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Title: Modern quantum optics of mid gap chalcogen donors in single crystal silicon
Author: Royle, William
ISNI:       0000 0004 7962 1730
Awarding Body: Cardiff University
Current Institution: Cardiff University
Date of Award: 2018
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In this thesis the reasons for pursuing an optically addressable quantum object in silicon are outlined before introducing some possible technological applications. Chalcogen donor electron systems in silicon are then discussed as a candidate for these quantum technologies. The chalcogen donor complexes in silicon allow the solid-state analogues of hydrogen and helium to be studied. The time-resolved Fourier transform technique was employed to measure the photoluminescence from a selenium doped silicon sample when pumped above band gap at the temperatures 10 K, 80 K and 300 K. The excited state lifetime of the 2p0 state was found to be 28.2 ns for atomic centres and 66.4 ns for molecular centres at 10 K. The lifetimes were seen to be similar across large emission bands indicating a rate limiting step. A multi-colour pump-probe experiment, using time-resolved Fourier transform spectroscopy, was performed at the FELIX institute to determine the excited state lifetimes of the 2p0 and 1s(T2) to be < 2.5 ns and 10.62 ns respectively. A system of 5 coupled rate equations was then implemented to verify the experimental results. The lifetimes were theoretically determined from three sets of initial conditions. Carriers were initially positioned in the conduction band, modelling the photoluminescence experiment, the 2p and 1s states, imitating the FELIX experiment. The 2p state was shown to have two decay lifetimes, one 15.1 ps and the second of 7.24 ns. The first fast decay is due to the pure 2p state relaxation while the second long lifetime is a result of the 1s(T2) state in uencing the 2p excited state lifetime. The 1s(T2) excited state lifetime that back-fills the 2p state elongates the 2p excited state lifetime, causing the lifetime to appear longer than the true lifetime. This research implies that silicon has the potential to be an accessible test bed for quantum experiments by showing that it could be possible to create isolated non-interacting donor centres that are individually optically addressable by mid-IR laser light.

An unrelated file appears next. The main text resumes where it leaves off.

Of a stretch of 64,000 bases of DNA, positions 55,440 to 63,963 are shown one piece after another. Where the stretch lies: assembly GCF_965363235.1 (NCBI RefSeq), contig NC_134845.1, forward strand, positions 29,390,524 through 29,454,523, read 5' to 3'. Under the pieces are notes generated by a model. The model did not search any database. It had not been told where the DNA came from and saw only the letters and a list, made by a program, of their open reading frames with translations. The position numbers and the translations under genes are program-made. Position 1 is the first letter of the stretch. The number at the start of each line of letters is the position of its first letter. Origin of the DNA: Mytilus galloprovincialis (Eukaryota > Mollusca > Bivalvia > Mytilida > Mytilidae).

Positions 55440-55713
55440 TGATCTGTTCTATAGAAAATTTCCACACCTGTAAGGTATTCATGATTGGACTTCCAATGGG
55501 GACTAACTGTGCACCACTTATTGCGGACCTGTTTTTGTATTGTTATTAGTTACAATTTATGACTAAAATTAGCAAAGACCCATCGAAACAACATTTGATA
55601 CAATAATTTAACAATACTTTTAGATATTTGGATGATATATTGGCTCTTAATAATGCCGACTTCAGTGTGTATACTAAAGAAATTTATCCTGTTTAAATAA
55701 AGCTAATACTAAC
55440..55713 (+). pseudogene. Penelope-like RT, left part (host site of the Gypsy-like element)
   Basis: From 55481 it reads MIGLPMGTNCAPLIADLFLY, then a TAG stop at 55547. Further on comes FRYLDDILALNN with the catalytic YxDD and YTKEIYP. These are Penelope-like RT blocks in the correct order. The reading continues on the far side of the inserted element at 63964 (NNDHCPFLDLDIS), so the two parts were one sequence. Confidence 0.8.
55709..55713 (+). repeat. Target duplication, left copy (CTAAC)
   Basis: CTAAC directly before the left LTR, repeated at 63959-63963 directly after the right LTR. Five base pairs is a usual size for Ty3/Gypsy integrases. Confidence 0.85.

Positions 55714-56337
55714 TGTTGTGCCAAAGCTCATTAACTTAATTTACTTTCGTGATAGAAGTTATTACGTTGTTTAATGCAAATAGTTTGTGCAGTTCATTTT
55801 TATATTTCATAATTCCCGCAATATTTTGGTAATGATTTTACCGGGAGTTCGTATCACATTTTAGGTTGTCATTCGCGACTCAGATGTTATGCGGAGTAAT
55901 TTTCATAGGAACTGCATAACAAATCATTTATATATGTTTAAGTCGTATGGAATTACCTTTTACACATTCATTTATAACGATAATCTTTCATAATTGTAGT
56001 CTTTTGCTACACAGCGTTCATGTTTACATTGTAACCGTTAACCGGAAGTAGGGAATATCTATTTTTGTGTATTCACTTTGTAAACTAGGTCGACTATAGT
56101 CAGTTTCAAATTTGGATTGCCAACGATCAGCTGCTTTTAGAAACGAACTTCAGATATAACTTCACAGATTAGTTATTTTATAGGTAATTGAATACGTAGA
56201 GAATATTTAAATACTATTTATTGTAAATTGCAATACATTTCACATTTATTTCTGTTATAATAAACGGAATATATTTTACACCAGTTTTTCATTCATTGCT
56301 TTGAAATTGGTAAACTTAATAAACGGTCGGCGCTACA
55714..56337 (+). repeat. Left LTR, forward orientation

Supervisor: Not available Sponsor: Not available
Qualification Name: Thesis (Ph.D.) Qualification Level: Doctoral
EThOS ID:  DOI: Not available
Keywords: QC Physics